Michael was strange because he believed in kindness - a queer thing to believe in these days - and his message was always one of kindness. In his soft-spoken voice he spoke of his love of the world and of children - sentiments that are often positioned with the feminine. He believed, even with all he had been through and all that goes on in the world that it could be healed. Yet, in such a soft-spokenness he disrupted our images of the masculine male and as such was seen as "strange" for what kind of man would act like that? A "kind" man would but in such kindness must be positioned as "feminine", as less manly. I would argue it was this kindness that was misunderstood and allowed him to be derided for being “jacko the wacko” for being a boy in a man’s body...for being "crazy". Perhaps, as his actions are positioned as "crazy", we can see that it is kindness that is crazy as we would prefer to not allow ourselves to believe in it, questioning it and anyone who embraces it as "strange". But, Michael was put in strange predicaments because he lived in a strange world in a body that was strange...but it was this strange body that allowed us to see other possibilities and it is in his strange body that he had such power.

Michael Jackson was a queer body as he transgressed so many of our naturalized categories. He challenged our assumptions about race, gender, age, and sexuality. He was black, but white - telling us that it didn't matter. Yet, it does as we hear people ask if he wanted to be white, question him for having "white" kids, or claim him for "their" group - defeating his message of healing. He was man but could pass as woman at times, transgressing the gender binary and causing us to take a second look or even mock him for looking so strange. He wanted to show other possibilities, to show it didn't matter...but we want it to matter, we wanted to box him produce him as a coherent "subject". He transgressed sexual norms as people pondered his sex life and accused him of perverse sexual dealings with children. Yet, these disruptions are not as disruptive as his disruptions of age and that adult-child binary.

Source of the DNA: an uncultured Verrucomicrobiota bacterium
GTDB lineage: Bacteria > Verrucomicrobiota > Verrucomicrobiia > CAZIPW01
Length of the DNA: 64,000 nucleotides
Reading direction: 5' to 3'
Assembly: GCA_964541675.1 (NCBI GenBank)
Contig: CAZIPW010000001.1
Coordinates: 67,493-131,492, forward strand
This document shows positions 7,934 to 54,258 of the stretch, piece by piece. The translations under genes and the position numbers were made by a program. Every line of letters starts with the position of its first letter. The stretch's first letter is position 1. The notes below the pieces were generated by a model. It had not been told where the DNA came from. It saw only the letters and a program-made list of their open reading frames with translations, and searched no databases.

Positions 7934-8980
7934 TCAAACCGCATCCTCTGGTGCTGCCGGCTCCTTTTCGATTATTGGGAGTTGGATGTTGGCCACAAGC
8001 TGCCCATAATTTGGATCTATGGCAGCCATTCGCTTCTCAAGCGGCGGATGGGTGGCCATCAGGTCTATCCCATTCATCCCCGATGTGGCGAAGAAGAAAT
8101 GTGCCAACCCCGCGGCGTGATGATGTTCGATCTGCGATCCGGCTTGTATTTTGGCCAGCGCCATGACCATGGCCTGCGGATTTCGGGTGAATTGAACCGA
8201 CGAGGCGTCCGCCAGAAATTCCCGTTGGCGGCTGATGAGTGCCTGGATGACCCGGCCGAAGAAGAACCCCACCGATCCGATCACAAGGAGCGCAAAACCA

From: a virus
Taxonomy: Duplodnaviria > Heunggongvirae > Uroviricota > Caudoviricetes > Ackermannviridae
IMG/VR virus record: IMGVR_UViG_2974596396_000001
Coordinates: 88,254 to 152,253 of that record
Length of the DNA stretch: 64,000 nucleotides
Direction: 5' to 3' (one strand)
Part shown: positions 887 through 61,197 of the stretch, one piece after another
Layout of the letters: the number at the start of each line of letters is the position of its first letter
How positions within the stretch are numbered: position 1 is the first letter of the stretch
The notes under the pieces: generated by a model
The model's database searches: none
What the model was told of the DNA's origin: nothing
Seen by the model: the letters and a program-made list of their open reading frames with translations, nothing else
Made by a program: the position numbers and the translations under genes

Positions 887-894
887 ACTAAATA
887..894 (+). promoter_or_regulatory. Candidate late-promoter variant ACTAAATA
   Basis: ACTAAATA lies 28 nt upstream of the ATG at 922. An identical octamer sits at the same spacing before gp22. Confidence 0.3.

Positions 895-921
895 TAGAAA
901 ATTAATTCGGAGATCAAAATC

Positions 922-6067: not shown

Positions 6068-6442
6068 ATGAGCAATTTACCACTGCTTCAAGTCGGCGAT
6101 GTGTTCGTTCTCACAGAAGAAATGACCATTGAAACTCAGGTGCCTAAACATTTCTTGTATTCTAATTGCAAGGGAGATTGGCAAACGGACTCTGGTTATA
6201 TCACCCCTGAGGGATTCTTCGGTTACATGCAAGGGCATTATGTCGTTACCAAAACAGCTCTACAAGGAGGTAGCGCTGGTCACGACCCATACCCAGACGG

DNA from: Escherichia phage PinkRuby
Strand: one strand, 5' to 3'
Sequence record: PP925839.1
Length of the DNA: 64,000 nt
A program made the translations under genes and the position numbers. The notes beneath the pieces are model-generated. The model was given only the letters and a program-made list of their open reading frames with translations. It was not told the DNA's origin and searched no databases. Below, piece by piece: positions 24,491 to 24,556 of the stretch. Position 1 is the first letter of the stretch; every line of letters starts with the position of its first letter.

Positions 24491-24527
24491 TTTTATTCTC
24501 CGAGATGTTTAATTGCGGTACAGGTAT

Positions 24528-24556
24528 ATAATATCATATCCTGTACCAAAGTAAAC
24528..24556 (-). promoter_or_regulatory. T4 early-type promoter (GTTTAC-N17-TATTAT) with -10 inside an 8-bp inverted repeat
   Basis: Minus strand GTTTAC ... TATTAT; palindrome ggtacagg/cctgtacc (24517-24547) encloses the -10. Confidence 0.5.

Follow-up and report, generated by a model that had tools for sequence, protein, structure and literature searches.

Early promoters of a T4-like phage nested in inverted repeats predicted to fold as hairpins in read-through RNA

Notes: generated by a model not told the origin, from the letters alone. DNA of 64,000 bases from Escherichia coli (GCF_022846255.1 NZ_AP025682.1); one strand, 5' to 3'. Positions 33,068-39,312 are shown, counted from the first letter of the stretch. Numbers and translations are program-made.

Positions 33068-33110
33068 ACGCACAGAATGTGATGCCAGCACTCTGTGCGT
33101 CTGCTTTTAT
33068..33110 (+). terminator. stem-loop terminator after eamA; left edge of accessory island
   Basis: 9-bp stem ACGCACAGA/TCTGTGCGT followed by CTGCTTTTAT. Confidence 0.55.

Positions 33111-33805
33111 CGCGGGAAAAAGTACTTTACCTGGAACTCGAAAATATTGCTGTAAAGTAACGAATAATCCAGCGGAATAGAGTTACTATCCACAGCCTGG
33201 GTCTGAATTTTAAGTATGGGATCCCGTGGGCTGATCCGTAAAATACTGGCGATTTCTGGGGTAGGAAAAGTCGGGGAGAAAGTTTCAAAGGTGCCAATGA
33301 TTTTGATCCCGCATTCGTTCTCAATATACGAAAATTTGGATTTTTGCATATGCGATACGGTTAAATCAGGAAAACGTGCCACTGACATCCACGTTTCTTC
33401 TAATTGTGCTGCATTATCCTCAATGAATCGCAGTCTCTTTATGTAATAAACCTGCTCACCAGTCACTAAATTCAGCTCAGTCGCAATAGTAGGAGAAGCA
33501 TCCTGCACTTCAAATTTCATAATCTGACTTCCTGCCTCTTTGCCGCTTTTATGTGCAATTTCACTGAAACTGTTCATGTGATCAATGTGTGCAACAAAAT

It is his traversing the adult-child binary that is most fascinating. Berry Gordy Jr. noted that in his personal life, Michael was shy and child-like. Brooke Shields noted that Michael had to grow up and lose out on his childhood as he entered the adult world of the music industry as a child. He was an adult but always seemed child-like but as a child he had to be adult. His growing up was to quick but as a grown up - he grew beside himself to be "child" while "adult". And it was his original loss of childhood that perhaps provoked him to fight for the child and embrace his own child-ness - to forever traverse that strange boundary between the adult and the child. Yet, when "adults" embrace their childness and when men love children such beings are produced as having had something gone awry - something all to evident in Michael's life.

Yet, it is his child-like status that will allow us to remember Michael forever, for the child is never to be lost, the child is to outlive the adult and in dying as the shy, quiet child-like man he was in his personal life, Michael will live on forever young, forever growing beside himself as his life expands across the globe and throughout time to perhaps continue on in his quest to heal the world. In dying as the child, he remains forever child...never an old man, never anything but that which he sought his whole life to find and protect.